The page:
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ADJOURNED 'til Tuesday at 11 a.m. (informal)
ADJOURNED 'til Thursday at 1 p.m. (formal)


By Andy Metzger

BOSTON, MAY 21, 2018....The MBTA's upcoming overhaul of its fare collection technology will be led by David Sikorski, an executive with 30 years experience in engineering and development of large-scale infrastructure.

David Sikorski started as program manager for the automated fare collection project about two weeks ago after working most recently for Parsons Corporation. His annual salary is $275,000.

Last year the MBTA's Fiscal and Management Control Board approved a 13-year, $723.3 million contract for a joint venture between Cubic Corp. and the John Laing Group to design and build the new payment system.

"It's going to be a totally new fare system, which will make everybody's life more convenient," Sikorski told the News Service. He said, "I'm excited to take this on. You don't always get projects like this that are going to affect so many residents or users at one time."

Under the new system, riders should be able to pay by credit card, and use their cards not only on bus, subways and trolleys, but also commuter rail trains and ferries, according to David Block-Schachter, the T's chief technology officer.

The new fare system will replace the Charlie Card introduced more than a decade ago, and MBTA General Manager Luis Ramirez said the change will entail a "major construction project" because the station infrastructure will need to be retrofitted.

"It's a pretty extensive project," Ramirez said at the control board's meeting Monday.

Riders are not currently able to use Charlie Cards on commuter rails and ferries.

Over the next year or two T officials should develop policies regarding data privacy, fare structures and products among other considerations, according to T staff.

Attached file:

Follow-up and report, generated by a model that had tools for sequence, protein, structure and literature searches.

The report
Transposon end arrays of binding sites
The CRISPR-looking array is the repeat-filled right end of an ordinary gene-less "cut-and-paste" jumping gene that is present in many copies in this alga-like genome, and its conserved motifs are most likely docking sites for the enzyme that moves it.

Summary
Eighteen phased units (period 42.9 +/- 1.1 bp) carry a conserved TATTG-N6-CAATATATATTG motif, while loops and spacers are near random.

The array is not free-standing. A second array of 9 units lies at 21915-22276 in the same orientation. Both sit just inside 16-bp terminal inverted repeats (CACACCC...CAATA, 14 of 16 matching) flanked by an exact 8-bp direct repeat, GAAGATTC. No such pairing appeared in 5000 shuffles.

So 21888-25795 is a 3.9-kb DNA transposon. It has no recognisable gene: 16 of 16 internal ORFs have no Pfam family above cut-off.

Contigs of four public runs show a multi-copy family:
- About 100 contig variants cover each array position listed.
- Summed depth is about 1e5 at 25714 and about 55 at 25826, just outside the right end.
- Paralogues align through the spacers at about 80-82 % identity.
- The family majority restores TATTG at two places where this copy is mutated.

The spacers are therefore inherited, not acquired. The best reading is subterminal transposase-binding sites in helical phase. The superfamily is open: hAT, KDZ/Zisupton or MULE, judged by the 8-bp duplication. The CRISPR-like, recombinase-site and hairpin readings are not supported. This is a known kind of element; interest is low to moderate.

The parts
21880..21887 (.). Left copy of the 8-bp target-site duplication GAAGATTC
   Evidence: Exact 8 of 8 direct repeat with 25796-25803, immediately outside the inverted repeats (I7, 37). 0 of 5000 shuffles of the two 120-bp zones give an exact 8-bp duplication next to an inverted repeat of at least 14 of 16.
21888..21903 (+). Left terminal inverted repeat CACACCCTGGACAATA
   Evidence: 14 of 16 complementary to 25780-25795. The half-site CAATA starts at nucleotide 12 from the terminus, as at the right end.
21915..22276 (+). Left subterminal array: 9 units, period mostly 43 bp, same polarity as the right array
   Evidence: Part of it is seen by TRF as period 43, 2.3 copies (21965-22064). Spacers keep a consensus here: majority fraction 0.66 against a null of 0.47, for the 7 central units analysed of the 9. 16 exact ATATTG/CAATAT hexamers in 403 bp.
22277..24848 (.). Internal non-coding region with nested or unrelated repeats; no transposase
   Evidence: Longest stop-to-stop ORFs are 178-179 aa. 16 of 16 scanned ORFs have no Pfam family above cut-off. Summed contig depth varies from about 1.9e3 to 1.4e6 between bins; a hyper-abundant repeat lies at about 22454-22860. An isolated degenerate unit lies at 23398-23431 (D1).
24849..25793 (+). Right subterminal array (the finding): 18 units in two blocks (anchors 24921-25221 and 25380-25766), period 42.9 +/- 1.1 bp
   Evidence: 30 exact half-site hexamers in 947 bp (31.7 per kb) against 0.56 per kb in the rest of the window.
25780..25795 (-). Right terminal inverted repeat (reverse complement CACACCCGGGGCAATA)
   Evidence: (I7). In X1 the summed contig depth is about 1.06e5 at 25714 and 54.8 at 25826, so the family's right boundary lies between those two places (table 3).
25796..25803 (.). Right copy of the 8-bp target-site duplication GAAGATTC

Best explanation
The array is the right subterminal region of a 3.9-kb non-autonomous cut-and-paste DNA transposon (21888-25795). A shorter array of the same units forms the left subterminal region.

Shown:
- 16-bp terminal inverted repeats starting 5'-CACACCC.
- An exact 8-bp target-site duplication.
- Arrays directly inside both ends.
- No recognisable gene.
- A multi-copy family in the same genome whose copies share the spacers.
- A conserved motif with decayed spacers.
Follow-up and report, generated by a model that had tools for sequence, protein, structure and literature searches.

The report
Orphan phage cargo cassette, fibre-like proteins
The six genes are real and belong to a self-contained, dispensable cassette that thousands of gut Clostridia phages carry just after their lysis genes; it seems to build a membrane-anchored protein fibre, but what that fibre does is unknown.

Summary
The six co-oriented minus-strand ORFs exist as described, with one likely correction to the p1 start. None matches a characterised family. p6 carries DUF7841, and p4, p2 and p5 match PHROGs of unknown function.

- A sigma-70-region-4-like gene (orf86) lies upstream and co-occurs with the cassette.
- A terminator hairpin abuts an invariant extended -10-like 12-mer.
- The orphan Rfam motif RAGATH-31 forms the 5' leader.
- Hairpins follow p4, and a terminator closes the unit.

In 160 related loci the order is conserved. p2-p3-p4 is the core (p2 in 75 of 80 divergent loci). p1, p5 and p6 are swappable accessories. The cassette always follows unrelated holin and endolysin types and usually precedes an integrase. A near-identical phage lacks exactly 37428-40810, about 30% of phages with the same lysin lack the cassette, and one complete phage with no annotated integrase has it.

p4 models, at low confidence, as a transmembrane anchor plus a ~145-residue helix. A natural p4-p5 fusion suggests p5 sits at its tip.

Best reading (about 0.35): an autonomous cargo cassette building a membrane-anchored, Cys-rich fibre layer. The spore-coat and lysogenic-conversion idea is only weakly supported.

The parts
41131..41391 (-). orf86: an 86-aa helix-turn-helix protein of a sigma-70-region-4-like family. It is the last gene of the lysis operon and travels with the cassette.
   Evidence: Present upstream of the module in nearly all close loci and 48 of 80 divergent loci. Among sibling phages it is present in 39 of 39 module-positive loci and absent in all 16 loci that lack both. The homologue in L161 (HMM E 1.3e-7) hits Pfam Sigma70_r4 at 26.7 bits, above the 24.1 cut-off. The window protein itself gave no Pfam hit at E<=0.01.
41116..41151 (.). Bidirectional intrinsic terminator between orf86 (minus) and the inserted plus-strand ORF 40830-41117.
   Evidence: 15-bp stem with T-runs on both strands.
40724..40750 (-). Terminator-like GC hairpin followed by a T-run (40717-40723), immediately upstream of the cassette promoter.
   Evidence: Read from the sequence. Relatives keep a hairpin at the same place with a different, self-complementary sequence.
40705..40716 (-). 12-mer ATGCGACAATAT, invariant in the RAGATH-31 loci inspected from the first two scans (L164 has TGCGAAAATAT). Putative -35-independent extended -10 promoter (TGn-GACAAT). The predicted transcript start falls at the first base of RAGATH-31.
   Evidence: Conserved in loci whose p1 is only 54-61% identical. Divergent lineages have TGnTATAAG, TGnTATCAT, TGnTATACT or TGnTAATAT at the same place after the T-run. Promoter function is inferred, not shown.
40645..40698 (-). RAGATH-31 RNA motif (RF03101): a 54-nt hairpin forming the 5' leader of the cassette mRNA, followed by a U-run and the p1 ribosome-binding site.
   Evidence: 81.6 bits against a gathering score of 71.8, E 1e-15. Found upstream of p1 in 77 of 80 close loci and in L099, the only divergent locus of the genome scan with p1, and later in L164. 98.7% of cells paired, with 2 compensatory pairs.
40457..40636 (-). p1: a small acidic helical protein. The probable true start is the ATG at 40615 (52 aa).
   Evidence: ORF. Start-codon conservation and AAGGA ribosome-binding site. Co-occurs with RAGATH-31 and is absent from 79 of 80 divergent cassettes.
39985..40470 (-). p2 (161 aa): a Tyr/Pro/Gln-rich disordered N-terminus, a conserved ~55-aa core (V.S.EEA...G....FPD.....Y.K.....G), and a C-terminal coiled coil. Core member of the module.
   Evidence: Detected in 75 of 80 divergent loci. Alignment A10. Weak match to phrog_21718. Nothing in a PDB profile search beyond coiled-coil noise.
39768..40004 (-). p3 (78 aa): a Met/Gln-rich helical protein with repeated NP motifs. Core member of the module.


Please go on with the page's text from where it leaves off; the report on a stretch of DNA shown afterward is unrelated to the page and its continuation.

The new fare technology will be introduced system-wide in the spring of 2020, according to Block-Schachter.

From January 2015 to March 2017, Sikorski was vice president and senior bid director at Parsons, where he worked on a major highway project in Saskatchewan, Canada, according to his resume. From 2012 to 2015, Sikorski worked at Vinci Concessions where he was project director for a $1 billion bridge and tunnel project linking Indiana to Kentucky.

Sikorski has also worked for AECOM, Hatch Mott McDonald, and HNTB and worked on projects located in Pennsylvania, New Jersey, and the South American country of Suriname, where he worked on roads for a mining operation, according to his resume.

A graduate of Lehigh University, Sikorski received an advanced business degree from Seton Hall University.

While at URS Corporation around the turn of the century, Sikorski was the senior liaison engineer between the company's design offices, contractors and the Massachusetts Highway Department for a lane expansion on Route 3 between Interstate 95 and New Hampshire.


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